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On Sunday against the Kansas City Chiefs, Gabriel Davis did something no NFL wide receiver before him had ever done. In catching eight passes for 201 yards and four touchdowns, Davis became the first player in NFL history to catch four touchdown passes in a playoff game. (He also became just the ninth player with 200 or more receiving yards in a playoff game.)

Davis was seemingly wide open all game long, as the Chiefs routinely rolled double-coverage toward Stefon Diggs on the opposite side of the field. Davis got his huge day started late in the second quarter, when he and Josh Allen connected on an 18-yard strike to tie the game at 14. 

Davis found himself wide open in the middle of the field after two Chiefs defensive backs (Mike Hughes and L'Jarius Sneed) ran into each other trying to pass off coverage in zone. 

Later in the game, the Bills went down by two scores for the first time. On the first play of their ensuing drive, Davis found himself streaking open down the seam on the right side of the field. He simply outran Chiefs safety Juan Thornhill on a post route, and Allen uncorked an absolute laser for a 75-yard score.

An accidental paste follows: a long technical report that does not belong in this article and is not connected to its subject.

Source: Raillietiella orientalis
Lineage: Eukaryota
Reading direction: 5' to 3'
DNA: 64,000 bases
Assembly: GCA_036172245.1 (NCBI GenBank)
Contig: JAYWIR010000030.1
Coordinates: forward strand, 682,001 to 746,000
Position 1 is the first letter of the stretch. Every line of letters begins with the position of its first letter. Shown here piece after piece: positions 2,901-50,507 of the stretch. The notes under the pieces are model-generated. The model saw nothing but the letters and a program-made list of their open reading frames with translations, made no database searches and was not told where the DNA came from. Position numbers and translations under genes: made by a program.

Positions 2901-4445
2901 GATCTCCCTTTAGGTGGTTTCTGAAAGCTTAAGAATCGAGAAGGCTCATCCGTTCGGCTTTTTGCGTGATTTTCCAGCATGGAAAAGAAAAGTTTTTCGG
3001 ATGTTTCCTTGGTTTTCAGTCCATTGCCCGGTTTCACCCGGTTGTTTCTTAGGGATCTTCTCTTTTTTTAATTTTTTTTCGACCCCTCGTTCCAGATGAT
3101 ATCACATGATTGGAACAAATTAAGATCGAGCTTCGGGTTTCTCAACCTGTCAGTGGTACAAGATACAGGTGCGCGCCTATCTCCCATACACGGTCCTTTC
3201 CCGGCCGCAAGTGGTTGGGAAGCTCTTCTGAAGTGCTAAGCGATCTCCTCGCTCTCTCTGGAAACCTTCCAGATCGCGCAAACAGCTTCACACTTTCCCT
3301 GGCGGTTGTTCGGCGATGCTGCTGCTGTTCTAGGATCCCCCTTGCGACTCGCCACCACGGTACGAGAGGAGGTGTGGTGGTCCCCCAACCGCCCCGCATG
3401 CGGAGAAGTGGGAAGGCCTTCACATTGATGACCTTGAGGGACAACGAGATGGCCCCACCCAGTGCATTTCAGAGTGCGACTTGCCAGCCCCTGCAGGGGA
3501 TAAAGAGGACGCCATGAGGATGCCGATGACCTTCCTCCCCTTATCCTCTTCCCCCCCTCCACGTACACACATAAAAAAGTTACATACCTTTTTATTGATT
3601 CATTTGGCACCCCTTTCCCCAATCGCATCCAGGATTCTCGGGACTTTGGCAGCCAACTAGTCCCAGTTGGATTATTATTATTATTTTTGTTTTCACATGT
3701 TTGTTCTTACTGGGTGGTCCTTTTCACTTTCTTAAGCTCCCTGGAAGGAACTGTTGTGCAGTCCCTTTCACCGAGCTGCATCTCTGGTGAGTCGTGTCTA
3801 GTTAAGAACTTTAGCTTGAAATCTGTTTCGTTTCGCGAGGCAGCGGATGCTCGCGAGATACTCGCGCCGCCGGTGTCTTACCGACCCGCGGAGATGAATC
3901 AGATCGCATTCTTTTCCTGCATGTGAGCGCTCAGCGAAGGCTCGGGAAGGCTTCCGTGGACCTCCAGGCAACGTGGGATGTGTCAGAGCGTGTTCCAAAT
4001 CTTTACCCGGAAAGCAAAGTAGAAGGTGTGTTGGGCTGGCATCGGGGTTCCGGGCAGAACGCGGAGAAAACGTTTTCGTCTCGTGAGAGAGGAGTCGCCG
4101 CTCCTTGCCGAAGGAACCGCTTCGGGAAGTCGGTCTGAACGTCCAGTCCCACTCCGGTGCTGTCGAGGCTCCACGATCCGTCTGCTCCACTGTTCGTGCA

The Bills trailed by five points late in the fourth quarter when Davis stepped up again. On the first play following the two-minute warning, Davis ran one of the best routes you will see any player run all season. He put Mike Hughes on skates and made him literally fall to the ground, notching a 27-yard score to give the Bills a late lead. 

When the Chiefs responded with a touchdown drive of their own, Davis stepped back into the spotlight. With 17 seconds left on the clock, Davis lined up in the slot and ran a skinny post. Allen calmly sat back in the pocket and fired yet another bullet over the middle for a 19-yard score. 

Unfortunately for the Bills, that play took only four seconds, which left the Chiefs 13 ticks to get down the field and tie the game with a field goal. They did exactly that, and then took the opening possession of overtime for another score, sending the Bills home early despite Davis' legendary performance.